World Horse Welfare remarked that it was encouraged that Julie Girling, MEP is producing a proposal on responsible equine ownership and care for the European Union, which will highlight the need for guidance on good stabling practices.

Roly concludes: “We should not lose sight of the key issue involved here, namely the needs that horses have for social interaction. It is totally unacceptable to house a horse all-day in a stable with both top and bottom door bolted; however we would also seriously question a horse kept out at pasture 24/7 without any companionship.

“Clearly, equine companionship is a great option but people and other animals can play a role here too. Above all, we hope that this research, published in a highly respected scientific journal, will promote an informed debate about the role that stabling can play in caring for our horses.”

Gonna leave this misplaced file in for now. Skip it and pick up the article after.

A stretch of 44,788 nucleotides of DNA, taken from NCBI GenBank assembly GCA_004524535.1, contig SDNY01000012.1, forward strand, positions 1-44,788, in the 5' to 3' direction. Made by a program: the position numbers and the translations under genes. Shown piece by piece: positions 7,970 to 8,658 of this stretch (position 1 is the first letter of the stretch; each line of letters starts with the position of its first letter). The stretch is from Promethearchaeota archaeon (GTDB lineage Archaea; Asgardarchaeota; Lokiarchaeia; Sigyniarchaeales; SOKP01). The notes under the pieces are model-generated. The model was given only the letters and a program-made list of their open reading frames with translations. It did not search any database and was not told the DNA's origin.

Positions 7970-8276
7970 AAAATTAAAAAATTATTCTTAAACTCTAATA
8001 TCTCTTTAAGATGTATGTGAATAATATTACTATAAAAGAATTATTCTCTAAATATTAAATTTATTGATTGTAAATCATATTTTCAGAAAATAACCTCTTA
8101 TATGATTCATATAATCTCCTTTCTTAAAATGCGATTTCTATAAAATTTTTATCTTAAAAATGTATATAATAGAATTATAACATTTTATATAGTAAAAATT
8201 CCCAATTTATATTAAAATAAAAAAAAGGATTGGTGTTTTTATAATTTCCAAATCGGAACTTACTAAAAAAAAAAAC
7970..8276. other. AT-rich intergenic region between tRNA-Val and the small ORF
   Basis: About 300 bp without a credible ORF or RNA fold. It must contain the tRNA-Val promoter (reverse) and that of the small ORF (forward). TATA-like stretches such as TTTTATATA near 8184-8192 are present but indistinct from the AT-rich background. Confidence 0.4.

At the end of this article, The Jurga Report offers a link to several additional papers that describe group horse housing more specifically, and two reference books that may be helpful to anyone interested in the welfare pro/con aspects of keeping horses in stalls.

A Danish study of group-housed vs stall-housed horses found that the horses living in stalls were more interested in interacting with humans than group-housed horses. During training, however, stall-kept horses were more likely to exhibit hostile behavior like kicking.